Tuesday, June 17, 2008

Better Late Than Never . . .

The downside with production classes, like the Cinematography course I shot the below short in, is that you're limited only by the people you're surrounded with. If you have a bunch of eager students, all willing to stand in the rain to get 3-seconds of footage, you're in great company. I didn't have that group. I had a kid that wouldn't stop talking about the new truck his dad got him, and a grad student whose first contribution was to say that all of his energy was going into his own projects and that he wouldn't be able to give more than a few hours work. Oh, and he had a really weird shit fetish. He outlined two scripts he was working on, and they each involved a scene where someone was shitting on someone.

When the assignment was handed out, I told them what I'd come up with. it's no different then what you see if you scroll down. With one exception. Originally, it's a man killing his ex-wife. After I outlined it to them, the kid with the truck went on to explain how he and his girlfriend are having sex. The other guy didn't like it. "I'm tired of violence against women. I was thinking we do something about a couple that meets over the Internet."

"How are you going to work in the eight elements?"

"I don't know. I just think that too many people are meeting on-line these days. Or, we can do a commercial for a toilet."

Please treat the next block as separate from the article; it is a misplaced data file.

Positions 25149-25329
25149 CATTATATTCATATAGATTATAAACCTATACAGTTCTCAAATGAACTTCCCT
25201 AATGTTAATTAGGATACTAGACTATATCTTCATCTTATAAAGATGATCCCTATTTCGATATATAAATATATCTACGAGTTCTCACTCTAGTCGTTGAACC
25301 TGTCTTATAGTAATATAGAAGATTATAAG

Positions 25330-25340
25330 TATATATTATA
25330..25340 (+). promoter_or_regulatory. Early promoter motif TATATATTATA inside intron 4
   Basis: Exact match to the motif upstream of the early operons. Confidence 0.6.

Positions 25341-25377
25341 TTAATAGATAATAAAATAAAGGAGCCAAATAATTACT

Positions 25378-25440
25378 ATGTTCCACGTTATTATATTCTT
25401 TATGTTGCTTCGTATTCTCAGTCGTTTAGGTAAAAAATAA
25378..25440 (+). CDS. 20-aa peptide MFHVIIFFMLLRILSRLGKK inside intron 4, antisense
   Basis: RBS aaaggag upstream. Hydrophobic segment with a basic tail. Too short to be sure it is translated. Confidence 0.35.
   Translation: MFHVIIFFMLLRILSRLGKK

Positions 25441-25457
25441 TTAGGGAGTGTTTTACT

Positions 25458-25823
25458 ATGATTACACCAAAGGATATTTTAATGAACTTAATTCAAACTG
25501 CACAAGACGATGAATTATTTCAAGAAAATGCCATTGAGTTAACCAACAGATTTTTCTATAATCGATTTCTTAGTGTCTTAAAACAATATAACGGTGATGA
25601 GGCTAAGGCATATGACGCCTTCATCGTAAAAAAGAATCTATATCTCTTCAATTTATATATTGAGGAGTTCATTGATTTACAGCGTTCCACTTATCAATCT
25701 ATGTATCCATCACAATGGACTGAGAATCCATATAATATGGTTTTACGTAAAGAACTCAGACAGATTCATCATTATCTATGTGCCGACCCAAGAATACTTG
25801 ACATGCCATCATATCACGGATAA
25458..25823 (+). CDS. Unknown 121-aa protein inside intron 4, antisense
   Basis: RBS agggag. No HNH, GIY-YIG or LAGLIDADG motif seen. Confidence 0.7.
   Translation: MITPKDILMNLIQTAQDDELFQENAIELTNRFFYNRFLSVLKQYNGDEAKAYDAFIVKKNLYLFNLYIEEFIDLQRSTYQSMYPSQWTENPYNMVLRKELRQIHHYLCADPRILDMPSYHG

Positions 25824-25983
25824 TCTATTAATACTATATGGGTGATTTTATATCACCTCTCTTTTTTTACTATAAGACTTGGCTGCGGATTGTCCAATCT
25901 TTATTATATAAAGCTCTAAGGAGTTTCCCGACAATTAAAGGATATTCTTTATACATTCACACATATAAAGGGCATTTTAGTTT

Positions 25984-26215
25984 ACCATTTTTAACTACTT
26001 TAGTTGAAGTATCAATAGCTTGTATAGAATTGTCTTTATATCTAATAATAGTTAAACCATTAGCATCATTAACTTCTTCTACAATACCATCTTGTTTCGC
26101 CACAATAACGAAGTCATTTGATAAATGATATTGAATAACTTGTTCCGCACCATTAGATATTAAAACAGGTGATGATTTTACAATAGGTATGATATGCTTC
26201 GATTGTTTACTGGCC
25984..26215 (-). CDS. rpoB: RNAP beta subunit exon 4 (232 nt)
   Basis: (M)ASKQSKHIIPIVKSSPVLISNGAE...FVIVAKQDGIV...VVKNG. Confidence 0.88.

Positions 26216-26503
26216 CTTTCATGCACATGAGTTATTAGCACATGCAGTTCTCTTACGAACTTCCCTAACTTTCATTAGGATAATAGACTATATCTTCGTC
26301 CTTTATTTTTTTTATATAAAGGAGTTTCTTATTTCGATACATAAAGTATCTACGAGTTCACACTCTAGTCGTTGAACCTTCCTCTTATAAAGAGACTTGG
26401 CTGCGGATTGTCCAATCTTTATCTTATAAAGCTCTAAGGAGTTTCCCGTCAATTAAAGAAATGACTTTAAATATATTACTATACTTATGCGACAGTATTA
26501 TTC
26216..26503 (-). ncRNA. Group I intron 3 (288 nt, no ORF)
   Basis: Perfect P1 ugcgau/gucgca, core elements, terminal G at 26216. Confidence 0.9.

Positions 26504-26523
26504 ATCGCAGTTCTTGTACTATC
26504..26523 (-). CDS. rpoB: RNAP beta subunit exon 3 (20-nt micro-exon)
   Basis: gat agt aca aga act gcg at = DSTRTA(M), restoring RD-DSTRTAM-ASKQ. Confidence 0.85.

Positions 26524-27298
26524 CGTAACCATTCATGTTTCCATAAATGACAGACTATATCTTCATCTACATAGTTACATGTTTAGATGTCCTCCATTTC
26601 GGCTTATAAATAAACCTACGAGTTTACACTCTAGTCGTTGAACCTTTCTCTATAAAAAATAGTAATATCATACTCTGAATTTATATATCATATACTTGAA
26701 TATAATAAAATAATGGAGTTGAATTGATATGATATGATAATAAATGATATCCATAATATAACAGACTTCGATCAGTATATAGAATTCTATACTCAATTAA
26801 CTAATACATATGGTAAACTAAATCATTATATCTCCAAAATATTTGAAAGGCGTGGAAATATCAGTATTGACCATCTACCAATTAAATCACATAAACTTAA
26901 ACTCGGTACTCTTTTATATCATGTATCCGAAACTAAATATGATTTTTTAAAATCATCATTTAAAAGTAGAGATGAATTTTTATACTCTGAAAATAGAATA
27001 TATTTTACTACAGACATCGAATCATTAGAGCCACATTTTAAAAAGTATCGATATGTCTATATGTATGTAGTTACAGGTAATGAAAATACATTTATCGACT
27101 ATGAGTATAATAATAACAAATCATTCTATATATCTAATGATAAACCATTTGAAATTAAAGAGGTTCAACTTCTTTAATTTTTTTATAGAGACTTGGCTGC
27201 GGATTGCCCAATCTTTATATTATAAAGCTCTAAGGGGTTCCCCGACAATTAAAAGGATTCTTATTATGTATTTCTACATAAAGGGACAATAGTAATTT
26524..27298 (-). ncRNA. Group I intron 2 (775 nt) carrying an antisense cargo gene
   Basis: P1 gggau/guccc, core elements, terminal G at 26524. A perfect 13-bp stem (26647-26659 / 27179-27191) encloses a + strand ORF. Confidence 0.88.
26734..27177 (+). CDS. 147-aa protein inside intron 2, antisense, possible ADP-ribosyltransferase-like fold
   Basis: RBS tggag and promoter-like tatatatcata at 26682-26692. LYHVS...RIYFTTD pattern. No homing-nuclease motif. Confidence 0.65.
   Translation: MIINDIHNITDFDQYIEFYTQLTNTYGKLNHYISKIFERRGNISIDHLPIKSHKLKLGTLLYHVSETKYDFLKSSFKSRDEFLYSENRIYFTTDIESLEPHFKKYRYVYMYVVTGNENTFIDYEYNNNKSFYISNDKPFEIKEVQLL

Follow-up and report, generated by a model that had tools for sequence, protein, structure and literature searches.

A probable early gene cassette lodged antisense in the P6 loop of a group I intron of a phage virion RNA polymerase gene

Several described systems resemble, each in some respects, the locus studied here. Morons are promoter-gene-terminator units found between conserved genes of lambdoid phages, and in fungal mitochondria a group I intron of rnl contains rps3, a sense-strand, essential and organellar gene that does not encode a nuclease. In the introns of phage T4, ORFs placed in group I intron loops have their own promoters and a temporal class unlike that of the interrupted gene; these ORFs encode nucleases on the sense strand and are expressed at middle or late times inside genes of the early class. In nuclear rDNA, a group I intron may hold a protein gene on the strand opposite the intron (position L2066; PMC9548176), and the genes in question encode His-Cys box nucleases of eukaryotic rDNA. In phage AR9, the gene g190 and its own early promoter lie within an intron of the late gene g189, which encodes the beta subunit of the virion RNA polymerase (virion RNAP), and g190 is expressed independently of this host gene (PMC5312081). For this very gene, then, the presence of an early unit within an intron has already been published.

I changed the gender of each character. I don't think they liked it, but they didn't have grounds to complain. We agreed to shoot at the actress' place that Saturday. Friday night, I was finally able to reach her. The schedule was to meet at her place at noon.

We arrived with a truck full of equipment. That fucking kid came in handy, after all. A guy I've never met answered the door. He was in town for the weekend and ended up at her place. He'd been asleep on the sofa when he heard us knocking. Our actress was passed out in her bedroom. If it weren't for that guy, we probably wouldn't have been able to get in.

We set up as much as we could. I had to go into the starlets room and rouse her awake. I riffled through her dresser, asking which jeans best complimented her ass. I held up a sweater.

"Does this still fit?"


"Wear it."

Our actor and his girlfriend showed up while she was getting dressed. There were a few people I didn't know there, too. We worked around them. I laid out the storyboards and shot list. Despite the visual aide, and a descriptive statement outlining each shot, the guys didn't get it. I re-did the storyboards in the most rudimentary of drawings.

"You're the guy with the box. You move down the hallway with the box pointed at the girl. See? She's the stick figure smiling."

"How are we going to move the camera without it being all shaky?" He tossed his hands about to reflect how the image would look.

"That's why we brought the wheelchair."

"I thought we were just gonna use that to load the equipment from the truck, faster."

We'd have a shot framed and lit. Then one of them would interject. "What if we just put the camera here," then taking a step to the right, "or here?"